Cracking up about patterns and cause

I just received an email from a contractor in Austria who described a legal problem that many contractors face. Apparently, demolition crews are sued regularly by homeowners for damage to nearby homes. After a blast that causes vibration in a house, homeowners search their house and discover big cracks. They then blame the cracks on the nearby blasts and the vibrations they cause. According to the contractor, these newly discovered cracks likely were there all along; most houses develop cracks as they age and settle. The key is that people didn’t notice the cracks until they started looking for them.

In some ways, this phenomenon is the opposite of change blindness (the failure to notice large changes that we discuss in Chapter 2 of the book)—in essence, people are blind to the lack of change. They see change where none actually existed because they assume they would have noticed a big crack had it been there all along. If the crack is distinctive after they know to look for it, they assume that they would have noticed it even if they weren’t looking for it. But the cracks don’t draw attention automatically, and you won’t spot them until you search for them. Once you do look for cracks, you likely will see them everywhere. The same principle explains why, after being dumped by your girlfriend or boyfriend, every song on the radio is about relationships. It’s unlikely that radio stations are attuned to your romantic status—they were playing a similar rotation of songs before and after your breakup, but you’re now focusing attention on relationships, so you notice.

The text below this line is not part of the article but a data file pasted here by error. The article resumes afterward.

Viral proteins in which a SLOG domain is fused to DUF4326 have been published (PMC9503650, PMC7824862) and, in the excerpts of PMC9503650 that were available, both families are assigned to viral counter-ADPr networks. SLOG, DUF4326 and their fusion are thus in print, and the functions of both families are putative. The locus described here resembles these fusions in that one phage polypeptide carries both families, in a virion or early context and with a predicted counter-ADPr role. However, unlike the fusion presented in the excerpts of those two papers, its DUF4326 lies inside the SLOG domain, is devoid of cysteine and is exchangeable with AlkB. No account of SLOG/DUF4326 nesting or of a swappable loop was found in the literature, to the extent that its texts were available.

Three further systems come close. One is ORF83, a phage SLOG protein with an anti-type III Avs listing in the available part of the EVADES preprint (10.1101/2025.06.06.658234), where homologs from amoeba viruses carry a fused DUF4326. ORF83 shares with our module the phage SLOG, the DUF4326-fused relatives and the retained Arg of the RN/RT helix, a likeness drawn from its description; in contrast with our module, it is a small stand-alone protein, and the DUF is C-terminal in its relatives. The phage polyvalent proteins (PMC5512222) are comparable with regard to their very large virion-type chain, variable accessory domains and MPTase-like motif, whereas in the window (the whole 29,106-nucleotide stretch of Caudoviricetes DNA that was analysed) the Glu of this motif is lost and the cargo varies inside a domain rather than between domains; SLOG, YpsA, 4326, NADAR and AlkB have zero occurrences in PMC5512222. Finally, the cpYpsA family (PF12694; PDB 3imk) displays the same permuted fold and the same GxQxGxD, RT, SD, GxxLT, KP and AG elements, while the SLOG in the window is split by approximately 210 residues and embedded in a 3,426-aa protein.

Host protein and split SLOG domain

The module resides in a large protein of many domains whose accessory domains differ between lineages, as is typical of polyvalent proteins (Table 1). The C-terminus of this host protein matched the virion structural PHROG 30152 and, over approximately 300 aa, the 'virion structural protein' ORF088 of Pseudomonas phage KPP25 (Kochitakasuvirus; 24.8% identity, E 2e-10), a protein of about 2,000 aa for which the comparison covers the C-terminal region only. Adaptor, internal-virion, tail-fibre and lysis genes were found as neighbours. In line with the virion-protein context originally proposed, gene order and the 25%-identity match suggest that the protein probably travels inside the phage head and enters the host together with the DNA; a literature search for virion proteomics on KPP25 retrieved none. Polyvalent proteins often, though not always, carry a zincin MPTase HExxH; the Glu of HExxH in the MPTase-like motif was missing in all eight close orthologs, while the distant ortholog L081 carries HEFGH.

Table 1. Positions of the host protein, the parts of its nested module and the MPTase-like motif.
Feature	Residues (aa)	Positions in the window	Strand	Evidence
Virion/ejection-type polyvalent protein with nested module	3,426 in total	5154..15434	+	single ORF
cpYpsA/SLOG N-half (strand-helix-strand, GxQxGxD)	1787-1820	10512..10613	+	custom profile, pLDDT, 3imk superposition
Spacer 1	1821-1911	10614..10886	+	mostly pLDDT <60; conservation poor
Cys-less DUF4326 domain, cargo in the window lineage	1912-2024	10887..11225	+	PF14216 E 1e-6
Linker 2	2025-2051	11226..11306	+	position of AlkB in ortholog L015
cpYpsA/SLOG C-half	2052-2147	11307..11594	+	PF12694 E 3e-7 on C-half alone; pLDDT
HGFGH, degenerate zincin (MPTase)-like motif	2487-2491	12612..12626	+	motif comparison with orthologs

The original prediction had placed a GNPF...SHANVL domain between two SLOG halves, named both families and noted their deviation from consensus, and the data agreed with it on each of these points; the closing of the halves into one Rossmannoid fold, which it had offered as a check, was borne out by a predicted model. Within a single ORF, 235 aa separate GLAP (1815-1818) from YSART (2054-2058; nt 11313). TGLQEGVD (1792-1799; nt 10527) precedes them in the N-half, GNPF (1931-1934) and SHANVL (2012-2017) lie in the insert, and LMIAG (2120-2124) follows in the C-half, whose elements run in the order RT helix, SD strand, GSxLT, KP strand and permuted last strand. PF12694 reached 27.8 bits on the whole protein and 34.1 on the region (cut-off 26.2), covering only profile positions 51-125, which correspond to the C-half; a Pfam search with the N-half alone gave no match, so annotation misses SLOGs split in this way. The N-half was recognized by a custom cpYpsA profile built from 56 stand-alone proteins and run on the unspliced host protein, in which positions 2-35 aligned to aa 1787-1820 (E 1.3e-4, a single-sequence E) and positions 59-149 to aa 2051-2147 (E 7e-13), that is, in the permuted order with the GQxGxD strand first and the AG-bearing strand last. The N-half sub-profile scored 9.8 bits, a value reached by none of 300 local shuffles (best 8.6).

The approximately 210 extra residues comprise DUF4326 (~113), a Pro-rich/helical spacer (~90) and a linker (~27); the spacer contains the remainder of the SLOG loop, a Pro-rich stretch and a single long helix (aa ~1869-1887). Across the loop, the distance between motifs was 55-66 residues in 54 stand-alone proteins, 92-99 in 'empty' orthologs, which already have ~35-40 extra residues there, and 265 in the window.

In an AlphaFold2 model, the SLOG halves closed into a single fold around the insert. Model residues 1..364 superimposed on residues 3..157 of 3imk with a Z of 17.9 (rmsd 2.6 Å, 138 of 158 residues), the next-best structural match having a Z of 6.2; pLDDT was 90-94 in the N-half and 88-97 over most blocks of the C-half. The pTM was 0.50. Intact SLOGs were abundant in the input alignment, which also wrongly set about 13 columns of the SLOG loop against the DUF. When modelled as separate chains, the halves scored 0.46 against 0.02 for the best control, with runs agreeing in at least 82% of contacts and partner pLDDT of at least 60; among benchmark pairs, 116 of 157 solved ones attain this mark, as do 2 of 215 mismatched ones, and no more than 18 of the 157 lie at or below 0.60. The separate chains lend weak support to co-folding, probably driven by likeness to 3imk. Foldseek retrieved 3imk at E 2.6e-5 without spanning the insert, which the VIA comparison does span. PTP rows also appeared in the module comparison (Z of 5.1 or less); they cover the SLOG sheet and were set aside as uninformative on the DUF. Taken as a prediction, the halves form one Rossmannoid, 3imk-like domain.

The problem is that we intuitively believe that distinctive objects, events, and features—like a crack in the wall—automatically draw attention, when in reality, it takes effort to find them. Once we know about them, they’re obvious. Before we know about them, they’re invisible. Our intuitions about how attention and the mind work lead us to the wrong conclusion: I couldn’t have missed something so obvious, so it must be new. In the case of vibration, homeowners mistakenly attribute the newly detected cracks to the most obvious, recent, external event (vibration from a blast). Mistaken intuitions about attention and perception prevent the homeowners from spotting the real reason they hadn’t noticed cracks before: we often don’t see what we’re not looking for.

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